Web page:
Vector-borne infections are persistent public health threats worldwide. In recent years, a number of mosquito-borne viruses have emerged or re-emerged to cause major disease outbreaks. Other vector-borne pathogens, however, remain understudied and much neglected especially in the developing regions of the world including Southeast Asia. In this study, the brown dog tick Rhipicephalus sanguineus sensu lato, cat louse Felicola subrostratus, and cat fleas Ctenocephalides felis and Ctenocephalides orientis collected from free-ranging cats and dogs in Malaysia were molecularly screened for the presence of Bartonella and Rickettsia bacteria, and Dipylidium tapeworm. Our results showed the presence of Bartonella clarridgeiea, Bartonella henselae (lineage Marseille and lineage Houston-1), and Rickettsia sp. in C. felis. We also detected Rickettsia asembonensis in C. orientis and R. sanguineus s.l. Additionally, this study provides the first documentation on a potentially new species of Dipylidium infecting F. subrostratus and C. felis. Our results highlight the role of ectoparasites from free-ranging animals including cats and dogs, in harboring multiple transmissible pathogens.
    Matched MeSH terms: Phthiraptera/microbiology*
  7. Kernif T, Socolovschi C, Wells K, Lakim MB, Inthalad S, Slesak G, et al.
    Comp Immunol Microbiol Infect Dis, 2012 Jan;35(1):51-7.
    PMID: 22153360 DOI: 10.1016/j.cimid.2011.10.003
    Rickettsioses and bartonelloses are arthropod-borne diseases of mammals with widespread geographical distributions. Yet their occurrence in specific regions, their association with different vectors and hosts and the infection rate of arthropod-vectors with these agents remain poorly studied in South-east Asia. We conducted entomological field surveys in the Lao PDR (Laos) and Borneo, Malaysia by surveying fleas, ticks, and lice from domestic dogs and collected additional samples from domestic cows and pigs in Laos. Rickettsia felis was detected by real-time PCR with similar overall flea infection rate in Laos (76.6%, 69/90) and Borneo (74.4%, 268/360). Both of the encountered flea vectors Ctenocephalides orientis and Ctenocephalides felis felis were infected with R. felis. The degrees of similarity of partial gltA and ompA genes with recognized species indicate the rickettsia detected in two Boophilus spp. ticks collected from a cow in Laos may be a new species. Isolation and further characterization will be necessary to specify it as a new species. Bartonella clarridgeiae was detected in 3/90 (3.3%) and 2/360 (0.6%) of examined fleas from Laos and Borneo, respectively. Two fleas collected in Laos and one flea collected in Borneo were co-infected with both R. felis and B. clarridgeiae. Further investigations are needed in order to isolate these agents and to determine their epidemiology and aetiological role in unknown fever in patients from these areas.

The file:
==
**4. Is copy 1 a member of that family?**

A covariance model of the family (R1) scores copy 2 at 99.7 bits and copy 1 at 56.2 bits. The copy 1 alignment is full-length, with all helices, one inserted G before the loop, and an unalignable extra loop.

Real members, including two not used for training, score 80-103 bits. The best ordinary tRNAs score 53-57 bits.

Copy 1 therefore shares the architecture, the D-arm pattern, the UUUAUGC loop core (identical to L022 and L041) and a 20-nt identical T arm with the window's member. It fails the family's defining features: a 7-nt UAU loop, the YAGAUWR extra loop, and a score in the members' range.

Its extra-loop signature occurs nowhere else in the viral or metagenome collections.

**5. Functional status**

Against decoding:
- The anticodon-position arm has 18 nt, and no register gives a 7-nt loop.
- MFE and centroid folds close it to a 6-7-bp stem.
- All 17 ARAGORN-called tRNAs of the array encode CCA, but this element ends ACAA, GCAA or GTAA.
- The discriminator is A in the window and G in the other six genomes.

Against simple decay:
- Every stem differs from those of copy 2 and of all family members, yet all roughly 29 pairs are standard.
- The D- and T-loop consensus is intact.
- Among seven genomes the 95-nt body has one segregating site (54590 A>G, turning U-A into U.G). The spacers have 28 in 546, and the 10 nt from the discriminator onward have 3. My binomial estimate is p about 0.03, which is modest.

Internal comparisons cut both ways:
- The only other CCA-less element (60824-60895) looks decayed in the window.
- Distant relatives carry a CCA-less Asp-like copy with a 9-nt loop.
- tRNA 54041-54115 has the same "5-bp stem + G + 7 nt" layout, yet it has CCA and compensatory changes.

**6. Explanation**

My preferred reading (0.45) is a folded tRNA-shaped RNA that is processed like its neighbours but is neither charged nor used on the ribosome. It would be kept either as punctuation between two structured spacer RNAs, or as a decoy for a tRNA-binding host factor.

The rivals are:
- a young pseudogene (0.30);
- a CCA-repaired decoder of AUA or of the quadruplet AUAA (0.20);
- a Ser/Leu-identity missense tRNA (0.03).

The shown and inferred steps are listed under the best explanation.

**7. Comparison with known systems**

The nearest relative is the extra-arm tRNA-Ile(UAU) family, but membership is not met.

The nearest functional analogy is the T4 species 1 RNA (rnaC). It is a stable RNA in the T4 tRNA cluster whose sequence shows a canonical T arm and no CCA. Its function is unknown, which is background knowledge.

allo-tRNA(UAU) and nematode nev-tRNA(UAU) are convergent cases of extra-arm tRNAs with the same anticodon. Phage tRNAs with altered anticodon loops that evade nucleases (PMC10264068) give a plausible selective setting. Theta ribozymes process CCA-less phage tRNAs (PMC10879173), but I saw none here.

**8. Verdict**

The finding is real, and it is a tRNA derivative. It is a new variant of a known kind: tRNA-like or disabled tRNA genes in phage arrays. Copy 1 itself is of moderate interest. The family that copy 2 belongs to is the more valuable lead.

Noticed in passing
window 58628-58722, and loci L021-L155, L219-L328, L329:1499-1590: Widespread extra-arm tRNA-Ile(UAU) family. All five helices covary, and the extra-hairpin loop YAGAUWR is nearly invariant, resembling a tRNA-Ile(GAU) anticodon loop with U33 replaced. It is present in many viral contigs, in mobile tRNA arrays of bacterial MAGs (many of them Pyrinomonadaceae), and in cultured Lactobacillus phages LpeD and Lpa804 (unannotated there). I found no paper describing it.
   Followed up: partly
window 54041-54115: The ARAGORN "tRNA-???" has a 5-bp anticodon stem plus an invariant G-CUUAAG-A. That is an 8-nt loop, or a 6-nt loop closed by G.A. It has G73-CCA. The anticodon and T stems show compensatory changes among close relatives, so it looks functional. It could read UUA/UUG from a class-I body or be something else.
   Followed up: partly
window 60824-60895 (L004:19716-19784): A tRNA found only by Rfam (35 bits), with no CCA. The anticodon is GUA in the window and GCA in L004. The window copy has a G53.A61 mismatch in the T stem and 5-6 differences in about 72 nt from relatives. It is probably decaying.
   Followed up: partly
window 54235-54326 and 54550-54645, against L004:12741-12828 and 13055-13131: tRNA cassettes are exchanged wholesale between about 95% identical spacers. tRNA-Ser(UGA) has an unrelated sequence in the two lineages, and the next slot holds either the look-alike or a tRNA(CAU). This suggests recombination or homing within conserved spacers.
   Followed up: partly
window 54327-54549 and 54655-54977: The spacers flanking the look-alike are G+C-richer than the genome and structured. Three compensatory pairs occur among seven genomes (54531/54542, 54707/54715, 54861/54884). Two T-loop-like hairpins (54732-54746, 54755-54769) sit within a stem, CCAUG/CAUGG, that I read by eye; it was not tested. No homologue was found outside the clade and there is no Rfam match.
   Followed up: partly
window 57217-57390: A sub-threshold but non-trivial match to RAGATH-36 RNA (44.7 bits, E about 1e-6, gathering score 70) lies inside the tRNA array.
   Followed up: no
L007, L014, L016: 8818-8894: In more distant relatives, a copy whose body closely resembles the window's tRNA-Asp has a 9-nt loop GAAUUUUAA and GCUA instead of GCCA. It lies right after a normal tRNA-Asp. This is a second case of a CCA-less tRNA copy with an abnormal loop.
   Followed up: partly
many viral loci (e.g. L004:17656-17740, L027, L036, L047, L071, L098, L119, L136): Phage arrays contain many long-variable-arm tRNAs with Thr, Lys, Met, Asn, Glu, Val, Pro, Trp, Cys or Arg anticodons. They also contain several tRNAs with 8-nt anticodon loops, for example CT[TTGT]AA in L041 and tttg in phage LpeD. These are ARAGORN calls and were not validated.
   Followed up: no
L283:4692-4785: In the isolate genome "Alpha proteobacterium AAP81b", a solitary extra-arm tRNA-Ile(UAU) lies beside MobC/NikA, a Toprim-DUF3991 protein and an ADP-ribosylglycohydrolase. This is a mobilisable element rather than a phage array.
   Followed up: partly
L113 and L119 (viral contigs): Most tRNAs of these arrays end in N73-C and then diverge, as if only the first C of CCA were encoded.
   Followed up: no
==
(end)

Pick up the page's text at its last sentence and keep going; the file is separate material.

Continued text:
Matched MeSH terms: Phthiraptera/microbiology
  8. Paramasvaran S, Sani RA, Hassan L, Krishnasamy M, Jeffery J, Oothuman P, et al.
    Trop Biomed, 2009 Dec;26(3):303-11.
    PMID: 20237444 MyJurnal
    A total of 204 rodents comprising 14 host species from four different habitats were examined. Nine rodent species were trapped from the forest and another five species were trapped from the coastal, rice field and urban habitats. Rattus rattus diardii (67%) was the predominant rodent species examined. Fifty six (47.3%) rodents and shrews were found to be infested with at least one of the 20 species of ectoparasite recovered. Mites belonging to the family Trombiculidae were the predominant ectoparasite species recovered. Ticks belonging to the family Ixodidae were recovered mainly from the forest dwelling rodents. Polyplax spinulosa and Hoplopleura pacifica were the common lice species found infesting the urban rodents. Xenopsylla cheopis was the only flea species recovered. The following ecto-parasites have been incriminated as important vectors or as mechanical carriers for the transmission of zoonotic diseases: Ixodes granulatus, Dermacentor sp. Haemaphysalis sp., Amblyomma sp. Ascoschoengastia indica, Leptotrombidium deliense, Ornithonyssus bacoti, Laelaps nuttalli, H. pacifica, P. spinulosa and Xenopsylla cheopis. Urban and forest rodents were significantly higher in ecto-parasitic infestation, compared to rats from the other two habitats. However, there was no significant statistical association between male and female rodents infested with ectoparasites.
    Matched MeSH terms: Phthiraptera